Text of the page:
Herd immunity for privacy
Self-hosting is the holy grail for privacy advocates. And I don’t mean having a VPS hosted for you somewhere; I mean having your server physically located on your own premises.
Messaging, including email, is particularly important when it comes to privacy. Now, there are three reasons I choose not to run my own email server:
- I have no desire to be a sysadmin, and these things can be fiddly to set up and subject to downtime.
- Due to the preponderance of spam, the big players have developed procedures and policies making it difficult for self-hosters to get their emails delivered.
- If my focus is privacy, well almost everyone else I will contact uses Google, Microsoft or Apple, meaning Big Tech will get my data anyway.
The third point is an important one to dwell upon, and is the reason why I continue to argue for privacy even in the midst of a pandemic. I can take all the defensive actions I like, but if my family and friends don’t change their practices, then I’m going to get diminishing returns.
In addition to the email example above, consider the following scenarios:
- Images — you have to be part of a social network to stop people being able to tag you, which is a bit of a dilemma if someone tags me in a photograph on Facebook or Instagram (where I don’t have an account)
- Location — when I travel, I’m often with family or friends so if they’re sharing their location, my location is also being shared.
- Tracking — when using shared computers it’s not difficult for Big Tech to associate accounts coming from the same residential IP address to make inferences .
This all might sound a bit tinfoil hat, but privacy is the reason we have curtains on our windows and why we don’t tell everyone what we’re doing all of the time.
I realise that we can’t turn the clock back, and goodness know privacy advocates have made some missteps along the way. But now we live in a world where both governments and Big Tech have a vested interest in the general public lacking what I’d call ‘herd immunity for privacy’.
So although it seems like somewhat of a futile task at times, I’ll continue to pragmatically protect my own privacy, and encourage those around me to do likewise.
This post is Day 26 of my #100DaysToOffload challenge. Want to get involved? Find out more at 100daystooffload.com
5 thoughts on “Herd immunity for privacy”
Well said. I grapple with the fact others around me constantly use location services and tag/photography of me and the kids (mostly own family!). I’m really enjoying your recent blog posts sir. Hope all is well and hope I get to bump into you in the not to distant future!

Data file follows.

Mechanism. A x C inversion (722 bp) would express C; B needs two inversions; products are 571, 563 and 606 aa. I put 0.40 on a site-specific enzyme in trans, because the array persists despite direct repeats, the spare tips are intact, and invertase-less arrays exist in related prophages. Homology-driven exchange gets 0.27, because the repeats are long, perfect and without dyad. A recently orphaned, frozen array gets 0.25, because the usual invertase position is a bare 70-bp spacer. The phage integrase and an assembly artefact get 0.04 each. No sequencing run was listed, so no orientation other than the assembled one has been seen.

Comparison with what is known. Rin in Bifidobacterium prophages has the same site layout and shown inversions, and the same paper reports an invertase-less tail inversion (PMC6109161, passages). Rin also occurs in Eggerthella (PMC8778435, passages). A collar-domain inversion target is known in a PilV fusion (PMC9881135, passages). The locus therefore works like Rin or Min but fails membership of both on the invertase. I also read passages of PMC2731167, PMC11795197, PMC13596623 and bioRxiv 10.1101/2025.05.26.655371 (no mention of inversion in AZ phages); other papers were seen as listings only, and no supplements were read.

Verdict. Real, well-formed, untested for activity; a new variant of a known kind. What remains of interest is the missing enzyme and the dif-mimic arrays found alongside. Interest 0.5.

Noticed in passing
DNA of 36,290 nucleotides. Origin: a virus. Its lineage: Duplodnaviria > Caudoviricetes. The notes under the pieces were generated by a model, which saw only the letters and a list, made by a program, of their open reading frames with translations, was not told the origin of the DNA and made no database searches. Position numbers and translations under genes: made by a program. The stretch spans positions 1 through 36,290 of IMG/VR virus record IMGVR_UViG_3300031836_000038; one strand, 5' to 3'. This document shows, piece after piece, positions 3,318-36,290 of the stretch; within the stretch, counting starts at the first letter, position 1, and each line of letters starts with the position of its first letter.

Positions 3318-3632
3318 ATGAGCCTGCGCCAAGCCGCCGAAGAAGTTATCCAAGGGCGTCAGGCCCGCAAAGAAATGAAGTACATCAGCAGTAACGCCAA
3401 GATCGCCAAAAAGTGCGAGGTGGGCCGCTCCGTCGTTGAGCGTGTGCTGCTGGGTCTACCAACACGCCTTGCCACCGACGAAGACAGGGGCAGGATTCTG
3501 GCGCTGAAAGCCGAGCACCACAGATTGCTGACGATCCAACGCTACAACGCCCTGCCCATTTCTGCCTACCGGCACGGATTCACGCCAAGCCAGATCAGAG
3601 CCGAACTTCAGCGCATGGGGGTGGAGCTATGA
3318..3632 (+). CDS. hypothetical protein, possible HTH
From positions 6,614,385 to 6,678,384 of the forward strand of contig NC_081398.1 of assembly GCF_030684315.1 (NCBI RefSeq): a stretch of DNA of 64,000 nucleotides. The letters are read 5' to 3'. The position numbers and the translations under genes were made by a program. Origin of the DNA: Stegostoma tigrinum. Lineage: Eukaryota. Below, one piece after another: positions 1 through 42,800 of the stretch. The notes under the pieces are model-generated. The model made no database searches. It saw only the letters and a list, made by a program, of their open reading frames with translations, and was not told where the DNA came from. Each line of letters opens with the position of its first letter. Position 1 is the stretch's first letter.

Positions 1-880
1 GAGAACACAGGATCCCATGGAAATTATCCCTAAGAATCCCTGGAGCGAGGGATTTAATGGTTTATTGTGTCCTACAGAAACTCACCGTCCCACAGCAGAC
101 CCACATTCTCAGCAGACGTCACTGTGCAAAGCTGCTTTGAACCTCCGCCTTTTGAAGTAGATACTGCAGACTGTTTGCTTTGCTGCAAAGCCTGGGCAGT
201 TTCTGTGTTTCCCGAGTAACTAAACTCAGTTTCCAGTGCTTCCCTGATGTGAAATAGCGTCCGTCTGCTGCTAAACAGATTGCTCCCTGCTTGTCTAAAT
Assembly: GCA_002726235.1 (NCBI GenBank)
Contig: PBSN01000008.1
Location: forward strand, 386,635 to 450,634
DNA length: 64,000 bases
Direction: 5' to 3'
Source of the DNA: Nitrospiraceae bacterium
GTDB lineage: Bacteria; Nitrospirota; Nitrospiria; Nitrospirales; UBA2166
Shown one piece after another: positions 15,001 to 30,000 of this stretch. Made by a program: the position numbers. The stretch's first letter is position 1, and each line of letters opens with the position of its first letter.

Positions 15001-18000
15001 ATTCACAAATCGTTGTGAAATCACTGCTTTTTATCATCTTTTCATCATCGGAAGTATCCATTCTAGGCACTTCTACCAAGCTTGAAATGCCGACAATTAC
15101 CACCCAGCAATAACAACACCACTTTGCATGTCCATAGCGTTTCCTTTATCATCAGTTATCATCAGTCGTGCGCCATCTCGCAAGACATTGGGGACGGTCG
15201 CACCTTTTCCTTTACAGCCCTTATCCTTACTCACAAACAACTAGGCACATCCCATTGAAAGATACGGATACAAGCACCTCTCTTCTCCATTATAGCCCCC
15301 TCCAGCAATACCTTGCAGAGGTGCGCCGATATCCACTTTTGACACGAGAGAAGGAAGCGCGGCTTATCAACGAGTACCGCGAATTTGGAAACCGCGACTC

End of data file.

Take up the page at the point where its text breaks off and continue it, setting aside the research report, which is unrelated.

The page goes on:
Cheers Zak! Great to hear from you and would love to catch up – I was checking out what you’ve been up to in Bristol recently 🙂
Privacy and data protection has become one of the main issues that really concerns me from a technical perspective. You raise some valid and interesting points. I don’t use FB or WhatsApp. My email is protonmail and always use a VPN. It’s a small step but I feel it’s the one in my control. With regards to a phone I still trust Apple who guarantee data protection and never share use it. All data is locally stored on my phone and iCloud is encrypted and ever used to marketing. It’s the only reason why I am still using a smartphone. If you still like Android try e foundation. It’s android without Google. Never tried it as am happy with Apple so far.
Hey Atif, thanks for the comment. I think the VPN and Apple comments are interesting, as you’re trusting the former almost like another ISP and the latter who are one of the richest tech companies in the world?
Ideally, I’d like a third option to the duopoly of Apple and Google (e foundation is still using AOSP). What we need is the ability to *guarantee* privacy instead of having to trust what faceless corporations tell us.
To my mind, we’re in a situation a bit like the following. We don’t want people walking past our house to look into our window and see what we’re doing; we want some privacy. But instead of the ability to put up curtains or blinds, we’re trusting companies who tell us that they’ve put one-way mirror material on the window so we can see out but no-one else can see in…
I do agree with you from Philosophical point of view. However I do believe the guarantee that is needed will also require to some degree of trust. Trust is the key element here I think. You are correct that I am currently trusting the likes of Apple and VPN providers to fulfil their end of the bargain. If that is the case and there has been no indications as such that those agreements have been broken then I guess some products are better than others. The privacy that is actually needed requires ideological framework which I am unfortunately very passimistic about.